Non-compete contracts have received substantial scrutiny and criticism of late, leaving many employers concerned about competitive vulnerability should the use of the restrictive covenants be prohibited. Non-solicitation agreements offer an excellent alternative that provides significant protection in the face of employees’ departing to work for competitors.

A non-solicitation agreement is frequently incorporated into the larger employment contract that outlines both the employer’s and the employee’s responsibilities to one another, but the specific terms regarding non-solicitation are clearly for the protection of the employer’s interests. They specify that upon leaving the company, the employee agrees that they will not solicit any of the company’s clients or customers for their own benefit or for the benefit of any other entity. In many cases, the non-solicitation agreement may also prohibit the employee from recruiting other employees to leave when they do, whether to go to a new employer or simply to leave the company.

The need for a non-solicitation agreement is generally limited to situations in which the employee is in a sales or service position within a business that has a clearly defined and limited pool of customers. A company that specializes in selling advertisements to hospitals and healthcare facilities would be at significant competitive risk if a top salesperson left them to work for a competitor that does the same: the relationships that the employee established, as well as their inside knowledge of the original employer’s pricing and marketing strategies, would provide them with a substantial advantage.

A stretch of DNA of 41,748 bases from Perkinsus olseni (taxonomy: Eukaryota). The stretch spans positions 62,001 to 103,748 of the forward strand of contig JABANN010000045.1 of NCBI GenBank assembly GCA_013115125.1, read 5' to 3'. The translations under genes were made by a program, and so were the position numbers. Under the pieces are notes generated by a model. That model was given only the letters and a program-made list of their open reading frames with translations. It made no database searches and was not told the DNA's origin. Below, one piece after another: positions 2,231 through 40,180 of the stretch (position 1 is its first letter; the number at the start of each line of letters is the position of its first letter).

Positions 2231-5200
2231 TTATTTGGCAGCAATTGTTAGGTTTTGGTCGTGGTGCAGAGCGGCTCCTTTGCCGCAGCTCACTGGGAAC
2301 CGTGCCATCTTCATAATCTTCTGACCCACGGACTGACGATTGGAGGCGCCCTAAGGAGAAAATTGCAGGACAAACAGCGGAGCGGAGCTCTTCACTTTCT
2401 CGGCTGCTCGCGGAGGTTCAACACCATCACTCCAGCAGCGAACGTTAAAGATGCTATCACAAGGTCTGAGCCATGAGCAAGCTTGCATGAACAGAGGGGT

Unlike the non-compete agreements that have been criticized for putting an undue burden on employees, restricting their ability to earn a living, non-solicitation agreements are specific to an industry and an individual business. There is nothing to stop a talented salesperson from applying their skill to a new product or service that is purchased by an entirely different clientele.

If you are interested in crafting a non-solicitation agreement to protect your business interests, there are certain elements that must be in place in order for the agreement to be enforceable. In the face of an employee violating its terms, you must be able to establish that there was a valid business reason for putting the terms in place. In order to ensure that your document’s language serves its purpose, contact our experienced business law attorneys today.